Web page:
When Canadian pop singer Justin Bieber revealed in Rolling Stone that he believes he’s part Native, he wasn’t breaking new ground for a celebrity—believing or claiming to have Native ancestry is nearly as much as a celebrity-interview cliche as “…but what I really want to do is direct.” However, throwing in the comment that he thinks he could get “free gas” because of his heritage turned a perhaps-interesting detail about him into a confession of ignorance.
Many celebrities with no documented Tribal affiliation have said they’re part Native—and there’s usually little reason to doubt the sincerity of their beliefs. But there’s a difference between having an Indian ancestor and actually knowing anything about Indians. It may seem like obvious advice, but perhaps it should be the first lesson a publicist drills into a client: If you don’t know what you’re talking about, best keep your mouth shut. Here are some celebrities who have managed to discuss the Native roots they believe they possess—without pulling a Bieber.
The list of celebrities who’ve said they have Native heritage is extremely long, and often the detail finds its way into the biography without a clear statement from the star. Such is the case with Channing Tatum, star of Magic Mike, who may be as much as a quarter Native American. In a cover feature in GQmagazine from 2009, the writer described Tatum thusly: “He’s 29. A part Native American son of a roofer who fell through a roof, broke his back, and ended up a traveling salesman, and of a mother who never doubted him.” Did Tatum say he’s Native? Presumably he did, and presumably GQ fact-checks its articles. Still, we don’t have a direct quote, much less a specific Tribal heritage.
In a 2006 interview, High School Musical star Vanessa Hudgens was asked about her ethnicity; she answered “Gosh, I’m everything. Pretty much I’m Filipino and Caucasian but within that, I’m Spain Spanish, Chinese, American Indian, Irish. ”
The lead singer for the Red Hot Chili Peppers is said to be of Mohican ancestry on his mother’s side. In 2007, after the birth of his son, Everly Bear, he told People that the name had some Native significance to him: “The mama came up with Bear. … That made sense to me because he’s from me and I feel like I’m part of the bear clan, and I think it’s nice to have a little bit of earth in your name.”
In 2010, Megan Fox said that she’d really like to play the Apache superhero Rainmaker if the Gen 13comic book were ever made into a movie. In slightly defensive remarks, she said she wouldn’t want “people” (presumably Indians) to “protest” if she were in the role: “She’s a Native American and I have a little bit of that blood in me. … It would be a bit of a stretch—but if Jake Gyllenhaal can be the Prince of Persia, I think that I can do that.”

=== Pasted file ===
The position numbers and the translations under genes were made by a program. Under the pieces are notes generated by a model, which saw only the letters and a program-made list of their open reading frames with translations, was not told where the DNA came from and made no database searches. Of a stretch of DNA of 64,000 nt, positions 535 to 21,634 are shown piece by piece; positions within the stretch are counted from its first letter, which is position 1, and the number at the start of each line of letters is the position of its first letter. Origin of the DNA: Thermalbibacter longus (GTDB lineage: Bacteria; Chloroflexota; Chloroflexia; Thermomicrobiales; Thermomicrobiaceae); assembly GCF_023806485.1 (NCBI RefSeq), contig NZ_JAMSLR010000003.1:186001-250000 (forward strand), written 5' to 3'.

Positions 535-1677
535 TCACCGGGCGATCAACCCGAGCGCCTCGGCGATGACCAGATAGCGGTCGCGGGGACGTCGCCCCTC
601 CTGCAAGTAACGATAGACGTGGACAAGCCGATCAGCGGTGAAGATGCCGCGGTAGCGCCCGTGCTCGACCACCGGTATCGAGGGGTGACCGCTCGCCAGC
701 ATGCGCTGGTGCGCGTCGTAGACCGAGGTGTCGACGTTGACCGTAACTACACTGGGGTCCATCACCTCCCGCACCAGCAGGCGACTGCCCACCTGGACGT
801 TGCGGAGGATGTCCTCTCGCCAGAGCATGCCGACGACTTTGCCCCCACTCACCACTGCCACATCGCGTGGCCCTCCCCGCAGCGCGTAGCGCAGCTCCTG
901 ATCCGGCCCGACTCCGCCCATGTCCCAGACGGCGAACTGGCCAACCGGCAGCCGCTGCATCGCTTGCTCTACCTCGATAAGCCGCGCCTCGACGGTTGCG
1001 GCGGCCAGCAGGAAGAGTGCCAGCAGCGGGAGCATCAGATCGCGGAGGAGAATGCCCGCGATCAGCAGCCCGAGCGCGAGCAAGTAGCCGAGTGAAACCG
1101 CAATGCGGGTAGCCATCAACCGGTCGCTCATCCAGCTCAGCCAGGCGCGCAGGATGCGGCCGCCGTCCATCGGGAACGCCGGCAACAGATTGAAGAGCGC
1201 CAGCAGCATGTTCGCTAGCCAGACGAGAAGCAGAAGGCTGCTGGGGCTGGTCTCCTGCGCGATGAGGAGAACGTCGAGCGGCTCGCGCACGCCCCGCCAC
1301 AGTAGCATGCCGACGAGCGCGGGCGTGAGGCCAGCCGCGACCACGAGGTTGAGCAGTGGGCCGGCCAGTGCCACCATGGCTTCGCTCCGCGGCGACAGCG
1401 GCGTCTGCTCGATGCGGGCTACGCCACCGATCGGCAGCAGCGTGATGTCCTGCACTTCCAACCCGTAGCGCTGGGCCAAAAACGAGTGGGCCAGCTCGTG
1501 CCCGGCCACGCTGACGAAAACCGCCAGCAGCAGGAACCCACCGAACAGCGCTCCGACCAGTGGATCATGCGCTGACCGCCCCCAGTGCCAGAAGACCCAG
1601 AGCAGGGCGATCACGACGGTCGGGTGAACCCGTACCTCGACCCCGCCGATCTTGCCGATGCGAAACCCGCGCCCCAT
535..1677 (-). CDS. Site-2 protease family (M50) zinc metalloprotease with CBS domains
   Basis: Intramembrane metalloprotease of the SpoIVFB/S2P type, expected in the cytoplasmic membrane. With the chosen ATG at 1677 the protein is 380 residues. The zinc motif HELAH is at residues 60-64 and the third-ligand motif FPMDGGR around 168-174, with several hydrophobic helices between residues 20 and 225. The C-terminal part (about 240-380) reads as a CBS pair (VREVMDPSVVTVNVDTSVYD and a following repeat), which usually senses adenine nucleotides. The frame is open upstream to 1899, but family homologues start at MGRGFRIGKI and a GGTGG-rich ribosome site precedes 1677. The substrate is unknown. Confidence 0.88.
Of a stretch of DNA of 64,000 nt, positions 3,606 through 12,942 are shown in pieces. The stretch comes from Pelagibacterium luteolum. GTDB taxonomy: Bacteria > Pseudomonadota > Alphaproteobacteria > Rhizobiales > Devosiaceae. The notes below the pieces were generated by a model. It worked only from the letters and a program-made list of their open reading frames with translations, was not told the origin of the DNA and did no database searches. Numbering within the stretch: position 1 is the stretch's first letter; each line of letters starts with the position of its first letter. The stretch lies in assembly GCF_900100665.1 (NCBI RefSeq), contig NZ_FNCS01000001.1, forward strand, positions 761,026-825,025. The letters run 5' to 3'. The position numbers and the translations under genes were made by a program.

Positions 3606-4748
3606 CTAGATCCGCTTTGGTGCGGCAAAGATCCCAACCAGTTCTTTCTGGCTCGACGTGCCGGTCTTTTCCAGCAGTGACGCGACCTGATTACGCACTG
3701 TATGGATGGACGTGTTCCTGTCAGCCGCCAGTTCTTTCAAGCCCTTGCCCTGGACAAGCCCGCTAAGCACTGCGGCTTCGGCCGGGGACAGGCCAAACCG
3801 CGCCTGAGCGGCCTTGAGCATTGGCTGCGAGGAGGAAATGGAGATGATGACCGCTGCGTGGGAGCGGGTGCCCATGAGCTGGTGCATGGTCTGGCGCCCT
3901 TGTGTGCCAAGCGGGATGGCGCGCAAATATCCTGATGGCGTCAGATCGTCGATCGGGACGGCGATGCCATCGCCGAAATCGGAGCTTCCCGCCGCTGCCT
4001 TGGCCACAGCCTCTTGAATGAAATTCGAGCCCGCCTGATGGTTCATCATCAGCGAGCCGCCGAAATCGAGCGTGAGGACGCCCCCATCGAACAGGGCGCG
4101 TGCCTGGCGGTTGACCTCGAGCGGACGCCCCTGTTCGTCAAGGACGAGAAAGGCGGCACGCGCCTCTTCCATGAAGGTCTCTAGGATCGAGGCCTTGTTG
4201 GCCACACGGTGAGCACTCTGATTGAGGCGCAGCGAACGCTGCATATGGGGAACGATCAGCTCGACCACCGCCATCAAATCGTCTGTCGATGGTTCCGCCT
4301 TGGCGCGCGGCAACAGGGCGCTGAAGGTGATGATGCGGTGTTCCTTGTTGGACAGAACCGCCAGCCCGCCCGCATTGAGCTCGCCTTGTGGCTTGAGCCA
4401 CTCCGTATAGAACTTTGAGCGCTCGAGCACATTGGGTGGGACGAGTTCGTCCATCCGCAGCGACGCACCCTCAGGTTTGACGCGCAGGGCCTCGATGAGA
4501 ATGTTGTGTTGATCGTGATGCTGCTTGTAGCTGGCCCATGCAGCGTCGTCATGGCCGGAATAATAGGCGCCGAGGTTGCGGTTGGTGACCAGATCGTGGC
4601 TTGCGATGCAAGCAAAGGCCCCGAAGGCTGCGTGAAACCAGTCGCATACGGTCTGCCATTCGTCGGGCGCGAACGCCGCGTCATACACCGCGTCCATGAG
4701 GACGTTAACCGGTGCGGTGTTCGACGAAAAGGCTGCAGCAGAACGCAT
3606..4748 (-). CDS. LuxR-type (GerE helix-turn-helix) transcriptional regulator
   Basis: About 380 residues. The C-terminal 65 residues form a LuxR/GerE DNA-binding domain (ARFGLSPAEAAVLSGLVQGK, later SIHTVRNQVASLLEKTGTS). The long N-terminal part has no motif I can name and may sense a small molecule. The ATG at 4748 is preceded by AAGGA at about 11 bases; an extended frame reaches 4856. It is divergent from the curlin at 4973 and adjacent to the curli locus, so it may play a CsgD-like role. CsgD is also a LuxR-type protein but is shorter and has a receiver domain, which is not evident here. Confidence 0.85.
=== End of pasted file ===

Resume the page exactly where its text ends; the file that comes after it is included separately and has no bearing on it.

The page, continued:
The actor playing Tonto in the movie version of The Lone Ranger (coming 2013) has been asked about his Native heritage, and answered at length for an Entertainment Weekly article: “I guess I have some Native American somewhere down the line,” he says. “My great grandmother was quite a bit of Native American, she grew up Cherokee or maybe Creek Indian. Makes sense in terms of coming from Kentucky, which is rife with Cherokee and Creek.” He also added some speculation which, had he not cited his sources, might have come off as Bieber-esque: “The interesting thing … if you find out you’ve got Native American blood, which a lot of people do, is you think about where it comes from and go back and read the great books, Dee Brown’s Bury My Heart At Wounded Knee or [John Ehle’s] Trail of Tears, you have to think, somewhere along the line, I’m the product of some horrific rape. You just have that little sliver in your chemical makeup.”
It’s been well documented that many supporting actors who play Quileute Indians in the Twilight movies—Chaske Spencer, Gil Birmingham and Julia Jones, to name a few—are of Native heritage. But what about Taylor Lautner, one of the leads, who plays Quileute Jacob Black? In an interview from 2008 Comic Con, he answers the question very simply: “I have some Native American in my distant background.”
The Jonas Brothers
Following her rise to prominence in American Pie, actress Shannon Elizabeth (born Shannon Elizabeth Fadal) mentioned Cherokee as one of several components of her mother’s heritage. “My father is half-Syrian, my mother a mix of English, Irish, German and Cherokee,” Elizabeth said in 2000, as quoted in the Orlando Sentinel. “I guess you could say she’s a mutt, but she’s the best mom in the world.”
Tommy Lee Jones
The Oscar-winning Hollywood actor took ownership of his Indian roots as few seeming Caucasians do; in statements that ran in Cowboys & Indians magazine, he said that what he’d achieved in his life was, “Not bad for a little Indian boy. Not bad.” Jones’ claim is on his grandmother’s side; when the writer asked him what tribe she was from, Jones replied: “It’s not a tribe. It’s a nation. … The Cherokee Nation.”